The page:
LOOKING AT PHOTOGRAPHS • 91 ests at heart. hearts and wallets. group or issue. compassion and the joys of being truly alive. they are right. complex interactions of the photographic image with the human mind we learn tolerance. . above all. care for a specified concern. intricate. condemn a people. as the communication gurus are fond of telling us. In this case. Knowledge is power. and. They exhort us to vote for a particular candidate. to buy an idea or product. Understanding how a photograph operates and the factors which affect its meaning help us all to become self-defense experts in the struggle for our minds. By understanding the amazing. But the opposite is also true. By understanding how meaning can be manipulated we become inured to those who wish to seduce and lie to us.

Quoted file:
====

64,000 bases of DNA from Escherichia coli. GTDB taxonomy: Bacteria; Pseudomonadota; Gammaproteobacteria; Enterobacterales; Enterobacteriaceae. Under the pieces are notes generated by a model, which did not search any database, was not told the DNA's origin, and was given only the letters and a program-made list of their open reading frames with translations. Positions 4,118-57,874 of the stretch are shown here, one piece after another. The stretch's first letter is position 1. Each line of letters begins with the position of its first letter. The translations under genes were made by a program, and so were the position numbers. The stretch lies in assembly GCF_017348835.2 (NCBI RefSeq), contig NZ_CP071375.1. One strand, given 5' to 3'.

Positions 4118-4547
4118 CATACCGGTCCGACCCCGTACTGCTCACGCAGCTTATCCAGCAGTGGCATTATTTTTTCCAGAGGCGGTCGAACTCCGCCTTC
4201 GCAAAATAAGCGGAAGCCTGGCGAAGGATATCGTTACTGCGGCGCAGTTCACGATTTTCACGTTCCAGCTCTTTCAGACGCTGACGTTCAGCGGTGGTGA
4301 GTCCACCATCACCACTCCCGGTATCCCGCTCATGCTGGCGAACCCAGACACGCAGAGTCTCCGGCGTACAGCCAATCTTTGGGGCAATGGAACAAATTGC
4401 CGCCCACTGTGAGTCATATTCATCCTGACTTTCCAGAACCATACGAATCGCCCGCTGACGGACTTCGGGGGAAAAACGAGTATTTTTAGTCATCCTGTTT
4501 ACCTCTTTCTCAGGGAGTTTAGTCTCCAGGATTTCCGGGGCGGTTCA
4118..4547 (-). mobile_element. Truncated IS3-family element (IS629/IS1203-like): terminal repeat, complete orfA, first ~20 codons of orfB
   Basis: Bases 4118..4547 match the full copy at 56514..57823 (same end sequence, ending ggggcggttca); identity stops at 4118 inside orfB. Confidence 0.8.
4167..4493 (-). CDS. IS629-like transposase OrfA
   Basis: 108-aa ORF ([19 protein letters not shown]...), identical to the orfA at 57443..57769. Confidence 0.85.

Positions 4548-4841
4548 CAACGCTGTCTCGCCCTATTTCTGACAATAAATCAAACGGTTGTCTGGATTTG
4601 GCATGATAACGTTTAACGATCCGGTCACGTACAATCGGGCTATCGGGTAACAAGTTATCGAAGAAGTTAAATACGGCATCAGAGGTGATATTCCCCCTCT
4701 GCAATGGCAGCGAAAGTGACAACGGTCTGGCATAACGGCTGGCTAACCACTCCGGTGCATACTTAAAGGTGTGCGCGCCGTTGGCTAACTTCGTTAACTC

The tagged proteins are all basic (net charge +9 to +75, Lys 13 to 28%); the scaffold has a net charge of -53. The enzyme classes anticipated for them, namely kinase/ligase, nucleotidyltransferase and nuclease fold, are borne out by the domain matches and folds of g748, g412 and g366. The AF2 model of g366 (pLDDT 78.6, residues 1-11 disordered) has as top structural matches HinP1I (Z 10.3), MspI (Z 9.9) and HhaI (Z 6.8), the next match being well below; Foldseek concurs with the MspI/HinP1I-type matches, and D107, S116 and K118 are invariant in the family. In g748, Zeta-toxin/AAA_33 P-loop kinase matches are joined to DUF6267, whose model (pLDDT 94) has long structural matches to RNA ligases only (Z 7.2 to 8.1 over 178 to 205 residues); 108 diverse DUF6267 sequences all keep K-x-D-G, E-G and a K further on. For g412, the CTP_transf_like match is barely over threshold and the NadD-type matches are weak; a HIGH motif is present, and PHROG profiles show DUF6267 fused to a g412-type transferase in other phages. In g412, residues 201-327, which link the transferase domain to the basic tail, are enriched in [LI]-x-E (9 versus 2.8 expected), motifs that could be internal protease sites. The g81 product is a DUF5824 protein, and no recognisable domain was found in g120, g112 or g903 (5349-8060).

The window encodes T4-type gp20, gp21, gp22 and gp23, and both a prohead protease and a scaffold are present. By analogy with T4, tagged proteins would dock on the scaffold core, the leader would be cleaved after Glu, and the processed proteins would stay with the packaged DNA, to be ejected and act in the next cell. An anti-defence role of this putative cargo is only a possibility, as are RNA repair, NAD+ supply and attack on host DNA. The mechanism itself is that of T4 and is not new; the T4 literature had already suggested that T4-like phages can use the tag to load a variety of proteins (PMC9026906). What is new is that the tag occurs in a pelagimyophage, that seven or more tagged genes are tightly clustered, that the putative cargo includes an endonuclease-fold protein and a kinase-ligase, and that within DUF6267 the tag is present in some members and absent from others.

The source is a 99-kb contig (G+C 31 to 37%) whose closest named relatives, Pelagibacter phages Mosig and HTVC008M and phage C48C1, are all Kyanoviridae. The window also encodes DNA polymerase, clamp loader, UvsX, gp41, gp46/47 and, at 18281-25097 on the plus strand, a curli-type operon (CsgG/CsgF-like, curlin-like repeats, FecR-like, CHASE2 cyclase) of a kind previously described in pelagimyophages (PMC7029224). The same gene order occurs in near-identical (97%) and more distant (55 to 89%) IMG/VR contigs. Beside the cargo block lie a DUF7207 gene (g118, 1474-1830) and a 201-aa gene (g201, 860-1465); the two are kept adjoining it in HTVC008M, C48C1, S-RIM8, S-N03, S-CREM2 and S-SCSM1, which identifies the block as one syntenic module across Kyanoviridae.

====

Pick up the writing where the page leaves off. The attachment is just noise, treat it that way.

• ON LOOKING AT PHOTOGRAPHS: DAVID HURN & BILL JAY
ABOUT THE AUTHORS
Bill Jay (left) and David Hurn modeling their new Welsh hats
D AVID H URN
David Hurn has achieved international renown across a wide range of professional photographic activities. As a hard news photographer he cut his teeth at the Reflex Agency as a protégé of Michael Peto. He soon turned freelance and covered major topical events, including the Hungarian Revolution for Life, The Observer and major magazines and newspapers throughout the world. Through his friendship with actors and directors, such as Ken Russell, he began to shoot special projects on major movies, which in turn led to
ABOUT THE AUTHORS